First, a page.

* - Drink at least five to six glasses of water each day, more if you can. Dehydration can compound feelings of fatigue and disorientation.
* - Exercise not only provides you with more energy, it can give you focused thinking time. Take a 20-minute walk every day. Or, if that seems too much, a five-minute walk. But don't over- exercise; your body needs extra rest, as well.
Now, more than ever, you need to allow time for you.
Are you taking a multivitamin? If not, now is probably a good time to start.
BE KIND TO YOUR BODY
As you have probably discovered, the loss of someone loved can take a toll on your body, potentially causing a multitude of physical problems. Do you feel tension in your body right now?
The physical problems encountered from grief can include physical and emotional exhaustion, uncontrollable crying, trouble sleeping, heart palpitations, and headaches.
There may be a worsening of chronic conditions such as high blood pressure, eczema, or asthma. Other chronic conditions can also be made worse when you are experiencing the need to mourn and forget to take your needed medicines.
These physical effects are not inevitable, but in order to nurture your body, you may have to take a step back, slow down, and look at your physical needs. You may need to take time away from work and focus on clearing your mind. You must be kind to yourself by supplying your body with the good nutrition, water, rest, and exercise that you need.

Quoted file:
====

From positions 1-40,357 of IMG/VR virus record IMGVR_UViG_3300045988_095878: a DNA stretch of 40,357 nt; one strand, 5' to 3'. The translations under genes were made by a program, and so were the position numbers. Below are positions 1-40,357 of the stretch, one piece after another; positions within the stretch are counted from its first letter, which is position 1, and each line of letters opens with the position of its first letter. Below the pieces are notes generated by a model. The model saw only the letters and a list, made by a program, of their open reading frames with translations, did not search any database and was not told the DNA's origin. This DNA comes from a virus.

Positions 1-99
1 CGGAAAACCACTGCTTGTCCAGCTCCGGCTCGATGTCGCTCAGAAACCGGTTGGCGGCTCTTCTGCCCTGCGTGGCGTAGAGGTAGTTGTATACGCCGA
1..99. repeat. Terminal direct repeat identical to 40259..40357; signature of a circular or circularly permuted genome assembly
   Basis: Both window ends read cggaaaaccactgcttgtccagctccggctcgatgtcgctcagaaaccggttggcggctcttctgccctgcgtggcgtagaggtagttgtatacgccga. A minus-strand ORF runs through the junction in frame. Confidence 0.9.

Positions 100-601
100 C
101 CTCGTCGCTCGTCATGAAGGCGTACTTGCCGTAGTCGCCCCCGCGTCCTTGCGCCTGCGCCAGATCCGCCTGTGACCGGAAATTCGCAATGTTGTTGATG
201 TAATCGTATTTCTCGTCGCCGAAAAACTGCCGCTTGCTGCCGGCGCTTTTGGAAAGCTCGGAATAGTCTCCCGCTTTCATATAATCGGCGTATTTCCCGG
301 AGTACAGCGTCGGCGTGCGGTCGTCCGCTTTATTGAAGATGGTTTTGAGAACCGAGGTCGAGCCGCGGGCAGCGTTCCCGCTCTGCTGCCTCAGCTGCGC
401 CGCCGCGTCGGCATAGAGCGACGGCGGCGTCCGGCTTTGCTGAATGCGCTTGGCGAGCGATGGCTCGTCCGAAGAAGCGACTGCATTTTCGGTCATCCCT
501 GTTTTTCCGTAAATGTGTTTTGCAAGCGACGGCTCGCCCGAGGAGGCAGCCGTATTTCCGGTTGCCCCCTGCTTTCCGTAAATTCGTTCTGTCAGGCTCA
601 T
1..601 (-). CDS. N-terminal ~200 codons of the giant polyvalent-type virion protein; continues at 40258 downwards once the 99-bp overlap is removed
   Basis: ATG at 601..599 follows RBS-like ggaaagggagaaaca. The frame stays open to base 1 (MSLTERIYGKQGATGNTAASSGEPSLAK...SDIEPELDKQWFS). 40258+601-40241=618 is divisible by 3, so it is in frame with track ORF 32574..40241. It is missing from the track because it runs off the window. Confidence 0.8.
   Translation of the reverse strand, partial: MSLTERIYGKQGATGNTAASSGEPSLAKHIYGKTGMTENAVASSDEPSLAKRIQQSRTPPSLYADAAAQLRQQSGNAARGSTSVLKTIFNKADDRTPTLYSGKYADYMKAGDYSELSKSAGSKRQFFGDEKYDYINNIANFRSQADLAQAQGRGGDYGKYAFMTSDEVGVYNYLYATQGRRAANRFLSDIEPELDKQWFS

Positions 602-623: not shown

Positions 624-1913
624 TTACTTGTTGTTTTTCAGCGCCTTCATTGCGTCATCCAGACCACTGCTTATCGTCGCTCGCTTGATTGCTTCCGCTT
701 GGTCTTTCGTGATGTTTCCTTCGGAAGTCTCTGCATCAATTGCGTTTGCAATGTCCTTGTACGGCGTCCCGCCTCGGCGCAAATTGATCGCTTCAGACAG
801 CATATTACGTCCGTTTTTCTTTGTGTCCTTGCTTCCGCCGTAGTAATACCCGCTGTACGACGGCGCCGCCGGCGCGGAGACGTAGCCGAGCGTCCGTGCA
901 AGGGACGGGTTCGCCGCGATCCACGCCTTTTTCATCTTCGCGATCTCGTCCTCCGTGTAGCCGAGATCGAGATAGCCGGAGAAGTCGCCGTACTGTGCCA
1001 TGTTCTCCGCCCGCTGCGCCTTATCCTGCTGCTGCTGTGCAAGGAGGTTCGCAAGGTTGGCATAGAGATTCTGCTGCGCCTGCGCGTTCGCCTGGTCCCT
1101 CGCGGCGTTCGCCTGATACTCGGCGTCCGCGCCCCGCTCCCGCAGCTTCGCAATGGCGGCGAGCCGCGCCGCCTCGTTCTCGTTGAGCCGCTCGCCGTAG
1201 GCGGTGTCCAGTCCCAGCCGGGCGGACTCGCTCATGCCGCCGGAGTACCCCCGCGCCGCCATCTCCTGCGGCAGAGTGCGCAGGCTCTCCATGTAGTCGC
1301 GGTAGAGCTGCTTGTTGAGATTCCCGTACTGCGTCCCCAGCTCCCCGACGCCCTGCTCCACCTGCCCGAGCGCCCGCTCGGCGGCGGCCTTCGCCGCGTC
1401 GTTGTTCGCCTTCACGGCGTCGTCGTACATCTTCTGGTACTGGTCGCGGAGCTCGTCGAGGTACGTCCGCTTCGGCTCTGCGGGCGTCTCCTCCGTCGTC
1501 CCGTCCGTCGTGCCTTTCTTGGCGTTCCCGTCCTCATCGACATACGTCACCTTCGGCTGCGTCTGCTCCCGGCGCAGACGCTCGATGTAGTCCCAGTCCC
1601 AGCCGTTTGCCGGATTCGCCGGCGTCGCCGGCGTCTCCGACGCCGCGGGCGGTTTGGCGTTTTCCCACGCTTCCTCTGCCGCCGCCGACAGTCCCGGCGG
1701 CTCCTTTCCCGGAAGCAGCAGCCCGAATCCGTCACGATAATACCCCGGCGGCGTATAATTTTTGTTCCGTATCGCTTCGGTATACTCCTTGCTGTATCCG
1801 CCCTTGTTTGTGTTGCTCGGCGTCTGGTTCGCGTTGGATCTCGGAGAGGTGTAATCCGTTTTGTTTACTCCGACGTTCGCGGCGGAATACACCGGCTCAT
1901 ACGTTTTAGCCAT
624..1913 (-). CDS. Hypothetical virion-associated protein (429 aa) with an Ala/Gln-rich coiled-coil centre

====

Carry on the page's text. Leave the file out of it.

Do one nice thing for your body today. Consider a walk, a healthy meal, a warm cup of tea, or simply a hot bath.
MOVE TOWARD YOUR GRIEF, NOT AWAY FROM IT
Our society teaches us that emotional pain is to be avoided, not embraced, yet it is only in moving toward our grief that we can be healed.
The only way to get to the other side is through.
Be suspicious if you find yourself thinking you are "doing well" since the death. Sometimes "doing well" means you are avoiding your pain or you're simply experiencing the natural numbness of grief. Our bodies may remind us of our inner turmoil through fatigue, headaches, and other symptoms. Listen to your body's wisdom.
Of course, it is necessary to dose yourself with your grief. Sometimes you will need to distract yourself from the pain. But in general, you should feel that you're moving toward your grief and an understanding and acceptance of it.
Today, talk to someone else who cared about your loved one. Share your thoughts and feelings with him openly and encourage him to do the same. Support each other in your grief.
CONSIDER YOUR OWN WELLNESS
Wellness is defined as the pursuit of optimal health through responsible behavior choices. It goes beyond the conventional definition of health — the absence of disease or being "not sick."
The dimensions of wellness include physical health, emotional health, cognitive health, social health, and spiritual health.
It is important to monitor your own wellness as you move through your grieving process. Take action and seek help whenever you find that one or more of your wellness dimensions is suffering.
Make an inventory of how you are doing in each of your wellness dimensions: physical, emotional, cognitive, social, and spiritual. Take steps to improve yourself in one of these dimensions by using the ideas in this book
INVENTORY YOUR PHYSICAL HEALTH HABITS